of dishes and pots

I had a few small cuttings of timber kicking around the shed which were really too small for anything big, and too big for anything small. One piece of elm was only around 4″ in diameter by ¾” high. “What can you do with something that size?” I wondered. So I turned a little shallow dish. A skill builder so to speak.
elm plate
The grain is absolutely beautiful. Finish is wipe on melamine lacquer.

This piece may be hawthorn, but I really don’t know. I found it in a box of odds and ends and decided to make a natural edge dish from it. It is even smaller than the elm dish, being roughly 2½” across at the widest point, and is roughly 1½” deep in the centre. There is no finish on it. I don’t like sticking my fingers into odd-shaped edges as they spin.
natural edge dish
You can see where it rested against the jam chuck when I was turning the bottom flat. The little nub supported by the tail stock came off allowing it to spin against the waste block.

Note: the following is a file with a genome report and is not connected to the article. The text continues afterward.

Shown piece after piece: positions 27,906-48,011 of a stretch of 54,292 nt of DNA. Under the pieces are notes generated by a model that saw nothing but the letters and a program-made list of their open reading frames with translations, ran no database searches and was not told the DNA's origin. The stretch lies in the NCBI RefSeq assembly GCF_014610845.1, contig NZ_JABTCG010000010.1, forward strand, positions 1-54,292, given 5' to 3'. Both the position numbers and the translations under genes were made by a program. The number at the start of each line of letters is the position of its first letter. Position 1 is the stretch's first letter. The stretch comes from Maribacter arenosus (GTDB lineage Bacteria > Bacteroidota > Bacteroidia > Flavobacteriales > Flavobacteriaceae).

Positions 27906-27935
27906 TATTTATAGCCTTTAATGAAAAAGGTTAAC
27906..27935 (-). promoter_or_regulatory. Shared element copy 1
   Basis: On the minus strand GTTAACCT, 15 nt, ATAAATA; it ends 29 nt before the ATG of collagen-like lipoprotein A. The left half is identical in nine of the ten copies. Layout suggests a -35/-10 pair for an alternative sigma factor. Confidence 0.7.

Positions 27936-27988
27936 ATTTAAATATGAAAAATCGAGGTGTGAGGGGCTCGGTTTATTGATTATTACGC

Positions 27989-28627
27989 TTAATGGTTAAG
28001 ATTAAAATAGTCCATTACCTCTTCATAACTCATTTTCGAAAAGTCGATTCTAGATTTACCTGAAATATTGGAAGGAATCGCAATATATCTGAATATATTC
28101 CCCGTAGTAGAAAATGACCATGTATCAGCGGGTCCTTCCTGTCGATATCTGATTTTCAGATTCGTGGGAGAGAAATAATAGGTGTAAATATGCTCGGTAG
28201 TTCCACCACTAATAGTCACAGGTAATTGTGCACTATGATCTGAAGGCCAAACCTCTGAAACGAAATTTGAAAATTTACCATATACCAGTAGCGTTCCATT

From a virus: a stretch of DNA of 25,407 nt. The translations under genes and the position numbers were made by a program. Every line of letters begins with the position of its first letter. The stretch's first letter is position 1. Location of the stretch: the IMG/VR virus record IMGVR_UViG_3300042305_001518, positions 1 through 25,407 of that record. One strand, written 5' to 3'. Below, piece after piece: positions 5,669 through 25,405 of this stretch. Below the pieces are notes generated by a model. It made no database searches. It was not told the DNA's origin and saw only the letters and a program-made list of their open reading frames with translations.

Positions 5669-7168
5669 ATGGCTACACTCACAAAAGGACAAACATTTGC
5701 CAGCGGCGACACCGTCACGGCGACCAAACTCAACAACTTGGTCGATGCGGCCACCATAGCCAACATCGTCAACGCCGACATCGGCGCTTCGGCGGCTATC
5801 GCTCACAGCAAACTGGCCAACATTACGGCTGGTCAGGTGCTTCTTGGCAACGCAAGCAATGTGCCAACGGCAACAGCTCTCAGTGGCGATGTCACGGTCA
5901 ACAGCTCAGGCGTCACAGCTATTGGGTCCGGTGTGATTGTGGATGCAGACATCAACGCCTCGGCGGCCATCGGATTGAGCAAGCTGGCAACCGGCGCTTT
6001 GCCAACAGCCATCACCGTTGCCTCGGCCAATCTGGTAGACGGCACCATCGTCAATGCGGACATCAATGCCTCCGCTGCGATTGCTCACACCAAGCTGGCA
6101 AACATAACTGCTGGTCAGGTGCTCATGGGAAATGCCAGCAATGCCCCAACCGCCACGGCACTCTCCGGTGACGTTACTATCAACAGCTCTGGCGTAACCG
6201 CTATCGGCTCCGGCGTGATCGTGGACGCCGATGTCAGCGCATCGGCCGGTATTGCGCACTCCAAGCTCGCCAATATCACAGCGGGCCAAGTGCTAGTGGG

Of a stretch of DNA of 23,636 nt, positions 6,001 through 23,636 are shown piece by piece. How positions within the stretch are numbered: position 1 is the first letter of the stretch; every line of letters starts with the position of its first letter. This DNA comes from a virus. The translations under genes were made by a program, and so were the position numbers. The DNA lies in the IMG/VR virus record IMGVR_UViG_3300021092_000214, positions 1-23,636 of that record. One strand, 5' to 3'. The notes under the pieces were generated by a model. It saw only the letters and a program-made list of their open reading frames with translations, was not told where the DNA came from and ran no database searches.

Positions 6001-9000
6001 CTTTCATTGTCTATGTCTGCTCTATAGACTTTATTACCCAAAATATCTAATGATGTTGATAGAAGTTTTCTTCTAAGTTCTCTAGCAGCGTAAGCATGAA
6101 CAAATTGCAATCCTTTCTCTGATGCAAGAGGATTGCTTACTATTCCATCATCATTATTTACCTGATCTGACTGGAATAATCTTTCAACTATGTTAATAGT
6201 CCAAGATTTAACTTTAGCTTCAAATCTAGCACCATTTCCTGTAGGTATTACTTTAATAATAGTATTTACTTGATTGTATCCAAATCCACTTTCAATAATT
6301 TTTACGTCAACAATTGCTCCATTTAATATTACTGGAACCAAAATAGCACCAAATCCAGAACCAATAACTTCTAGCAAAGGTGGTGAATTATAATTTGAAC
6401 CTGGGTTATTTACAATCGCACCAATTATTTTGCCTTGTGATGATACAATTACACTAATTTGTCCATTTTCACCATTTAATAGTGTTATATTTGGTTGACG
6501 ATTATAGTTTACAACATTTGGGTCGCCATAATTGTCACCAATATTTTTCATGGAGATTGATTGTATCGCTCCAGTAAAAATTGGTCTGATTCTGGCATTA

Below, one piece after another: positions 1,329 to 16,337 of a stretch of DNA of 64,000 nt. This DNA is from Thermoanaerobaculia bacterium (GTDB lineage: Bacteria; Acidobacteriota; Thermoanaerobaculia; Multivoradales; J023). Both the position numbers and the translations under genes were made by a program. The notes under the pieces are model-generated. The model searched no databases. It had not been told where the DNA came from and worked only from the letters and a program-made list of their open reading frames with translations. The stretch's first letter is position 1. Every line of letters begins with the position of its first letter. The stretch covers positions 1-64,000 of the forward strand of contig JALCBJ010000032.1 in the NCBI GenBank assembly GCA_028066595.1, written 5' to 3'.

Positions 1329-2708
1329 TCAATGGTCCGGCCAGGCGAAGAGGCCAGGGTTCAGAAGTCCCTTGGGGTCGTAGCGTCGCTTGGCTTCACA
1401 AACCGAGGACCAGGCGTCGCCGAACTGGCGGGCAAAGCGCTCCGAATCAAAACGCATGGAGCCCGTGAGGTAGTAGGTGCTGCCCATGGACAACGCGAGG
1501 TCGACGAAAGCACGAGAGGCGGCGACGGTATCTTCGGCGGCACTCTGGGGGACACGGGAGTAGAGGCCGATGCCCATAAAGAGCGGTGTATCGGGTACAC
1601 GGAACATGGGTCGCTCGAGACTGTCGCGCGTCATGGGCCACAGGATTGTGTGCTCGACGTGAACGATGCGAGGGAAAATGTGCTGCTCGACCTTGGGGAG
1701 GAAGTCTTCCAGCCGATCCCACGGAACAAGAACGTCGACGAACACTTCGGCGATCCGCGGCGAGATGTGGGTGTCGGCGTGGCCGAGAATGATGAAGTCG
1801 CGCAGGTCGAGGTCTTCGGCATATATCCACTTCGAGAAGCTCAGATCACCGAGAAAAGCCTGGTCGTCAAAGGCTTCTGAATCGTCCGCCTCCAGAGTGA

And finally. I turned an urn from green silver birch, and set it and the lid aside to dry. The urn itself worked out beautifully. Unfortunately the lit split in several places. I turned a lid from maple yesterday, and finished the urn at the same time.
The whole piece is about 4½” in diameter, by about 7″ high. The wall thickness is just a tad over ⅛”.
The finish is melamine lacquer.

What I have learned is to think carefully before turning anything, with a view to turning the other side later on. Hot glue is your friend, but make allowances for getting the work off the glue chuck later. Double stick carpet tape is strong enough to hold light items while turning and sanding. It has limited capabilities on heavier items, and can twist & burn if you get a catch. Silver birch discolours if left uncovered.

I am learning though, and definitely getting better with each project.

This entry was posted in Burr Elm and tagged , , , , , , , , , , , , , , , , . Bookmark the permalink.